BANGKOK — Three Cabinet ministers in Thailand were forced to leave their posts Wednesday after a court found them guilty of sedition for taking part in sometimes-violent protests in 2013-2014 against the government then in power. The Criminal Court in Bangkok found Digital Economy Minister Buddhipongse Punnakanta, Education Minister Nataphol Teepsuwan and Deputy Transport Minister Thaworn Senneam guilty along with about two dozen other defendants in a case that was launched in 2018. The verdicts can be appealed to a higher court but under the law the Cabinet ministers must relinquish their jobs immediately. Another prominent person convicted Wednesday was Suthep Thaugsuban, a former deputy prime minister who helped found the People’s Democratic Reform Committee, which led the demonstrations against the elected government of then-Prime Minister Yingluck Shinawatra. Instability caused by the street protests led to the Thai army staging a coup in 2014 and keeping power until 2019. Suthep and the Cabinet ministers each received prison sentences ranging from five to about seven years. “We are prepared. Whatever happens, will happen,” Suthep said outside the court. "But I have to assure you that the protest leaders and those who share our same belief, that we are fighting for our country and our land. We firmly believe in responsibility in our actions and not violating the law.” The protests marked the tail end of almost a decade of intense political contention in Thailand that began in 2006 after then-Prime Minister Thaksin Shinawatra was ousted by a coup after being accused of corruption and abuse of power. Thaksin is Yingluck's brother, and they are both currently in exile. Thaksin’s ouster set off years of sometimes violent conflict between his supporters and opponents, both of which engaged in aggressive street protests against governments led by the other’s faction. The People’s Democratic Reform Committee was in the anti-Thaksin camp, which in an earlier incarnation as the People’s Alliance for Democracy occupied the prime minister’s offices and Bangkok’s international airport for about a week in 2008. Thaksin’s supporters were known as the Red Shirts, and in 2010 wreaked havoc by occupying part of central Bangkok. Their protest was suppressed by the army with armed force in violence over several weeks that took almost 100 lives. The Associated Press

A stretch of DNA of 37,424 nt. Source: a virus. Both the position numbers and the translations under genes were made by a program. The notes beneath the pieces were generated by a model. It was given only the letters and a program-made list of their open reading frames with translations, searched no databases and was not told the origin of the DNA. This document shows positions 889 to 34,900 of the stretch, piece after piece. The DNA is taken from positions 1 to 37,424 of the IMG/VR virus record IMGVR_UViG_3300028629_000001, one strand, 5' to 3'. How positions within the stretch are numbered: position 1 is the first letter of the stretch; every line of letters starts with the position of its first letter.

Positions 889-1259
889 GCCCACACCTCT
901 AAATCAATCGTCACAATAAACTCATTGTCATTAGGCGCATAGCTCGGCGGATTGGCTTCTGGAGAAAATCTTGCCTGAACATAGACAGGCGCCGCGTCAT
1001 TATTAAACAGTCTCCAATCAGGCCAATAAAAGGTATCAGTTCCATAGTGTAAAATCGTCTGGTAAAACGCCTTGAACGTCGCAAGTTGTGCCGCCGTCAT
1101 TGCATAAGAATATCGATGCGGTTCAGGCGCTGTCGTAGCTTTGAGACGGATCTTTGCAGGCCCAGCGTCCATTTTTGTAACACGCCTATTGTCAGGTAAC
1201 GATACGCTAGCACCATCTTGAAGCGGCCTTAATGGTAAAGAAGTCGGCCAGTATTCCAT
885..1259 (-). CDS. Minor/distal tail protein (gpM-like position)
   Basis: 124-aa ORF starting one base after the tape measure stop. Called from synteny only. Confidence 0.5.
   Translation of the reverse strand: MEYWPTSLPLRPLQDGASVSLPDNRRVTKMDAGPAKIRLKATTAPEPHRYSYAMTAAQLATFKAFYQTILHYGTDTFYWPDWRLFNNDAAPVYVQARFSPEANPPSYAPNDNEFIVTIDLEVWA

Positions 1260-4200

(Mackenzie Scott/CBC - image credit) Although Pink Shirt Day is this coming Friday, that didn't stop some students who are out of school this week in Ulukhaktok, N.W.T., to celebrate the day a little early. Last Friday, students at Helen Kalvak Elihakvik School posted reminders to be kind throughout the community in honour of the day that is celebrated nationally with people wearing pink shirts to show they are against bullying. "The kids have come up with some great ideas and some great positive words and blurbs and quotes to be put out there. Together we've all created some pink ice bricks, put some posts in them, so these positivity signs spread kindness throughout all of Ulukhaktok," said Sandra Summers, a teacher at Helen Kalvak Elihakvik School who, along with her fellow teachers, is on professional development this week. Two students from Helen Kalvak Elihakvik School in Ulukhaktok, N.W.T. show the signs they made to celebrate Pink Shirt Day. Each sign the students made were in English and Inuinnaqtun and included phrases of kindness. Summers and Kathy Blouin both teach kids in composite classes of grades two to four. Pink Shirt Day started in Nova Scotia in 2007 with one small act of kindness. For the teachers, it was important that the kids be educated about the day and celebrated it even though they aren't in school. "It fits in really well with our health unit right now with mental health and emotional well being ... our goal is to bring kindness to these kids and then for these kids to then go on and spread kindness throughout the community." 'Our words are powerful' The pink signs were written in both English and Inuinnaqtun and included phrases like "throw kindness around like confetti" and "kindness is among us." Students worked on it throughout the week, and posted them throughout the community on Friday with help of the RCMP. "So ideally, when somebody when someone walks into the Co-op or the Northern [store], they are going to see one of the signs and it will make their day," said Summers. Eight-year-old Sarah Joss said she had fun making the sign but was really looking forward to "bringing kindness around the town." "Our words are powerful, they can make people sad or happy." With bright smiles, the kids delivered the messages with their classmates and teachers. "The biggest thing we want them to take from this is we want to inspire them to inspire others," said Summers. "We want to let them know if they are in a tough situation that they can always choose kindness."